Long Island is scorching. Nuclear physicists using Brookhaven National Lab’s Relativistic Heavy Ion Collider smash gold ions together at nearly the speed of light and have earned the record for hottest man-made temperature ever: 4 trillion degrees Celsius – that’s 250 000 times hotter than the centre of the Sun. Experiments revealed the neutrons and protons inside the gold nuclei “melt” on impact, releasing the fundamental particles known as quarks and gluons. The particles then form into a liquid-like plasma that is known to have existed in Nature only one-millionth of 1 second after the Big Bang.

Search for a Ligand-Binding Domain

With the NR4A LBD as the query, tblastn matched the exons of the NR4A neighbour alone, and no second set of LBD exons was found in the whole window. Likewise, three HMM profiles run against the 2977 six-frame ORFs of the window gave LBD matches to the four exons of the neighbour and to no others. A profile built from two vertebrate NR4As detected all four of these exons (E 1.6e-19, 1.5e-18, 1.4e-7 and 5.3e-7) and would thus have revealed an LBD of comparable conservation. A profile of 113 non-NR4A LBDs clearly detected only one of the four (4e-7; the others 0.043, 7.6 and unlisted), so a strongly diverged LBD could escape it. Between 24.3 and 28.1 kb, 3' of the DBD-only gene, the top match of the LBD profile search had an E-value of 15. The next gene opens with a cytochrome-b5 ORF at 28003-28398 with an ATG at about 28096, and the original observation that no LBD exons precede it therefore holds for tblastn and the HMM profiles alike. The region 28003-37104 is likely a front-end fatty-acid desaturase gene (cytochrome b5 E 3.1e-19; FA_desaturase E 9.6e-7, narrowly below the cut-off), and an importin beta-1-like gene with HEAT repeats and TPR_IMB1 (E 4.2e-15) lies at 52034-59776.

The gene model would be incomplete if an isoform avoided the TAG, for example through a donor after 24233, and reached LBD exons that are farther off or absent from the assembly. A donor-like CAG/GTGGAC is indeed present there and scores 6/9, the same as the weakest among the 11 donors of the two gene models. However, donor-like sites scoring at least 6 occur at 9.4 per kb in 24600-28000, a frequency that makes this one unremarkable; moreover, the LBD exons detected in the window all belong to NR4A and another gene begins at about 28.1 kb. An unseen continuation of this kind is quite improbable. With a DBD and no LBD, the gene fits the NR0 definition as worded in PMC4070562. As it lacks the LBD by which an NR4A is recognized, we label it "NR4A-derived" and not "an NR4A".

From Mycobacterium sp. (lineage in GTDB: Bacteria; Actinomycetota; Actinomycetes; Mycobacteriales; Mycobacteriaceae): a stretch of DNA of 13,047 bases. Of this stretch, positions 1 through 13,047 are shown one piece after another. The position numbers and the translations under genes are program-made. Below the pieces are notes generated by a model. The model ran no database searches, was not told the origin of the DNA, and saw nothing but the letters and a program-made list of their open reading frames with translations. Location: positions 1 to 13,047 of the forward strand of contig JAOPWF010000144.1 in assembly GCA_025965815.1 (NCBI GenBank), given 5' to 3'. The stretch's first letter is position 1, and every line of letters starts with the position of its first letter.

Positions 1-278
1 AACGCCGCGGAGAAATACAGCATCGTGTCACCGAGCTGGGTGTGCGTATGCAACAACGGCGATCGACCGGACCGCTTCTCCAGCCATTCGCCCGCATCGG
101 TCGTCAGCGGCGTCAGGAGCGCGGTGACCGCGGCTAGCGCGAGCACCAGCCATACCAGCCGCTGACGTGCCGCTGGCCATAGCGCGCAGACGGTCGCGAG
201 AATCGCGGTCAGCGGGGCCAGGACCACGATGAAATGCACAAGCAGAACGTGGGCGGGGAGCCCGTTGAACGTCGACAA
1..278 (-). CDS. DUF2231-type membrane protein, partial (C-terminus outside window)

To learn more about the nearly friction-free plasma, Brookhaven scientists propose hitting their ions with a stream of ultra-highenergy electrons. Meanwhile, inside the Large Hadron Collider in Europe’s CERN lab, lead ions are smashing together into their own primordial plasma and are expected to break Brookhaven’s official record by 30 per cent. – AH